Website vs social media – Five reasons you still need a website in the social media age

Website vs social media – Five reasons you still need a website in the social media age

The UK Domain

The UK Domain
6th December 2016

It’s tempting to think that social media has you covered when it comes to looking after your customers. Facebook, Twitter, Instagram, Pinterest and the rest are so widely used for marketing, managing complaints and even direct sales that you might start to think you don’t really need a company website at all.

But a company website is still a crucial tool in your business arsenal; a Swiss army knife for your brand that can offer levels of functionality and control that social media can’t. We look at five key reasons you should still be investing in your website.

1. Your website can reduce complaints

More and more customers are using social media as a complaints platform, posting their grievances in tweets or on brand Facebook pages. This is a good thing from a customer point of view – a publicly tweeted complaint tends to get sorted fast.

But from a brand point of view, making your complaints public is not ideal. Your website can help you prevent complaints in the first place, as a hub for information and problem solving. FAQ pages, help guides, downloadable instructions, help videos and contact details are great for customers too, because they’re going to get a fast answer to their question without having to wait.

Example: Cycling brand Wiggle use their website to answer a likely customer question immediately.


2. Your website can help you talk to customers

Social media gives you a great opportunity to connect with customers, but the extra communication options offered by a company website give you more flexibility.

Live chat can be a cost-effective way to deal with queries and complaints, and offering a forum can harness the knowledge of your customer base. The ideal scenario is a website that works in harmony with your social media presence, so that each platform is a tool you use to do the tasks it is most suited to.

Example: Shoe repair and key cutting chain Timpson pride themselves on customer service, and openly invite customers to become ‘mystery shoppers’ on their home page, asking for experiences in their shops.


3. You have ultimate branding control of your website

The level to which you can brand your social media accounts is limited. Sure, you can add profile pictures, banners and sometimes backgrounds, but the primary brand of any social media account is always going to be the platform itself.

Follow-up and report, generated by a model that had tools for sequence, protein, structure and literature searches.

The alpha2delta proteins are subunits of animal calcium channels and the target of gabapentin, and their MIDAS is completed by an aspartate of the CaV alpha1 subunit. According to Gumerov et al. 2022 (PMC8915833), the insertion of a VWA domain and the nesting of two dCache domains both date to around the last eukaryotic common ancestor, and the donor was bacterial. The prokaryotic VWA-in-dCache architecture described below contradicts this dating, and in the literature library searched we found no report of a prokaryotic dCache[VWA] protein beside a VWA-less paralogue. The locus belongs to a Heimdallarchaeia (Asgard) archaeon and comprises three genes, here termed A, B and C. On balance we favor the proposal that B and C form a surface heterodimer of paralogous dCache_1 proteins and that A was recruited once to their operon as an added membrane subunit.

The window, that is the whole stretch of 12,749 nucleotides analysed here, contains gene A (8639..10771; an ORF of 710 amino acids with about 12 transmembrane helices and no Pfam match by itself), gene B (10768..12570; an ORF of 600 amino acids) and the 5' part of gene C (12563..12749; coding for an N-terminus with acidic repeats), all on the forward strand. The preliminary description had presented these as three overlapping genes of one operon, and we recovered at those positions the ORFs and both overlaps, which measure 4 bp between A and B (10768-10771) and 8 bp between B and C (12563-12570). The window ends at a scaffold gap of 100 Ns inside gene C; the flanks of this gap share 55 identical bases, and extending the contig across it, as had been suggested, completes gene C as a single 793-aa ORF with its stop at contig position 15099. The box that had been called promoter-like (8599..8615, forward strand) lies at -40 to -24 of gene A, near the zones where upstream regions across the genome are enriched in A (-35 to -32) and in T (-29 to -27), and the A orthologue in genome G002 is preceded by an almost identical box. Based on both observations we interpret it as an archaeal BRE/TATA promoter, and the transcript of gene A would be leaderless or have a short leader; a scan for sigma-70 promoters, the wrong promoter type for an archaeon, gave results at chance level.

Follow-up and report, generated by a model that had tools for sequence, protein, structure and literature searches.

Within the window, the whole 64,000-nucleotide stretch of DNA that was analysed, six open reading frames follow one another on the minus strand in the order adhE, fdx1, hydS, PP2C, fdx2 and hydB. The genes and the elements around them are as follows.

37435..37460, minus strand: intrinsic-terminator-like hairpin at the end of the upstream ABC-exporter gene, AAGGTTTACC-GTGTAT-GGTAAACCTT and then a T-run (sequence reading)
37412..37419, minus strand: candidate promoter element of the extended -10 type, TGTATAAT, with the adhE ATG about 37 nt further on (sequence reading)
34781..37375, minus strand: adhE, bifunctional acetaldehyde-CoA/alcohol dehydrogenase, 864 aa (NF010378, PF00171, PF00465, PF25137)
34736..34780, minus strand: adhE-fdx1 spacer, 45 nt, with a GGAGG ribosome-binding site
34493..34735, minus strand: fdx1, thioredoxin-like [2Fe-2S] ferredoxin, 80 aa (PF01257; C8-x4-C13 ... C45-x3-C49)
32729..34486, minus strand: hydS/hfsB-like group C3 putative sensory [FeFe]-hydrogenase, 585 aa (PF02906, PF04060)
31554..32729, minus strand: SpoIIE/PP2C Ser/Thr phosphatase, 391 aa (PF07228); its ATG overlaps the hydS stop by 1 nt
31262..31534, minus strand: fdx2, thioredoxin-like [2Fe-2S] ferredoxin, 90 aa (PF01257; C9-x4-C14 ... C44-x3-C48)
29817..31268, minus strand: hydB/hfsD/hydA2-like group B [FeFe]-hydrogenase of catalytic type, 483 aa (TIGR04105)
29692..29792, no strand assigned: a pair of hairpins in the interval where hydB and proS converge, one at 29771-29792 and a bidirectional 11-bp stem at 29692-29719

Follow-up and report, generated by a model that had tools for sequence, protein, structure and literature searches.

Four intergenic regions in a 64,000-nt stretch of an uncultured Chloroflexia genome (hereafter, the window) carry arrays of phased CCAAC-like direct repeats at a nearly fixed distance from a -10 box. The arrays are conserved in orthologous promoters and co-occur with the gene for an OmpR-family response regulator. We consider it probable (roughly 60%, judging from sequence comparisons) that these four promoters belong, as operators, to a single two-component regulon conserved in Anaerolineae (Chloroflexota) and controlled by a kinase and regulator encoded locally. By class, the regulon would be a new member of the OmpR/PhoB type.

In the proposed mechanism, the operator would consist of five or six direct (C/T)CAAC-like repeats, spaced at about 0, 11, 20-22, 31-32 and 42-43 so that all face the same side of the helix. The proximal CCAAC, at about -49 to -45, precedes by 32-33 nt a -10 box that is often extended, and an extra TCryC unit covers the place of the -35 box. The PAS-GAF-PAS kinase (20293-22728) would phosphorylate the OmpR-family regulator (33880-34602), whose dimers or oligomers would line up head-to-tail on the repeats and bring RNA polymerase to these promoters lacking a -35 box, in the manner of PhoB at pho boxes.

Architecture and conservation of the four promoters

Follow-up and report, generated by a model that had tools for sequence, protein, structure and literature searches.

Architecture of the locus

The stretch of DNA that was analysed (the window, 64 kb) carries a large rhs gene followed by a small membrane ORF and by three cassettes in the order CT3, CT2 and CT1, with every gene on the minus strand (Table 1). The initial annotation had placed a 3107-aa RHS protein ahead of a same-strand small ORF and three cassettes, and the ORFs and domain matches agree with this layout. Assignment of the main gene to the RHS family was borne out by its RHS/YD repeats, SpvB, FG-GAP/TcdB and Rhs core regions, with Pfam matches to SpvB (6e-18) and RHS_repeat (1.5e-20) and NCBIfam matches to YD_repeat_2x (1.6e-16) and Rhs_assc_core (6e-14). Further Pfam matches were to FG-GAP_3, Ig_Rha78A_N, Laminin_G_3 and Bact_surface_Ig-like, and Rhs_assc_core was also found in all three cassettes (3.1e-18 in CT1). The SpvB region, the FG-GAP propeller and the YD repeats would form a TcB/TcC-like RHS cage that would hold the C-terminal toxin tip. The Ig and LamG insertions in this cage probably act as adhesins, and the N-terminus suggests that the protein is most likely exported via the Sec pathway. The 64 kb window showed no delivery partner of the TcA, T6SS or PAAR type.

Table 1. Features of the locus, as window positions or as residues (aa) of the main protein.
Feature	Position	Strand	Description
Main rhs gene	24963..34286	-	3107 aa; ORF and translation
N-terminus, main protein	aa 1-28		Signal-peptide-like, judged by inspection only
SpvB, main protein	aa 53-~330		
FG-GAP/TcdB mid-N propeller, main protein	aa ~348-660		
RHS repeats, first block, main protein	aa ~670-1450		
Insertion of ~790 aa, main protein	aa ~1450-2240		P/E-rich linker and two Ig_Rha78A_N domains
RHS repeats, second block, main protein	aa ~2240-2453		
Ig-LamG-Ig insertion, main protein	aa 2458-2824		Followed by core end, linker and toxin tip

The Coca Cola Facebook page is first and foremost a Facebook branded zone! But your company website gives you complete control over your branding. That includes not just the visual look of the site, but the language used, the services offered and your customer journey. You also have complete control over content and copy, meaning you can use search engine optimisation effectively to aim for the top of that search page.

Example: Coca Cola or Facebook – which brand is most prominent here?


4. Your website does more work

A company website offers extra functionality that social media platforms just can’t achieve. Whether you have a simple WordPress site or a custom-built Javascript masterpiece, you can offer widgets, tools and services that can help customers, collect contact details, increase sales and strengthen your brand. If you’re selling online then the e-commerce tools available on a web platform are powerful and highly customisable, meaning you can keep your web presence firmly in line with branding.

Example: Dulux offer a powerful and useful colour picking service on their website.


5. Your website is your content hub

In the age of content marketing, social media is undeniably an essential tool to reach your audience and spread the word, and you can choose to use social media platforms to actually host your content if you like, but keeping your content on your own website has strong advantages.

Content can help you climb up search rankings and reach more customers through organic search, and once you’ve attracted people to your site, it’s easier to move them to the next step of your sales funnel.

Example: B&Q use content on their website to guide customers to suitable products and services.


So, what is your website for?

This is the question to ask when you’re looking at how you manage your online presence across a brand website and various social media platforms. Remember, a good company website should act as:

  • The main representative of your brand online
  • A central hub for information and communication
  • The platform for your content

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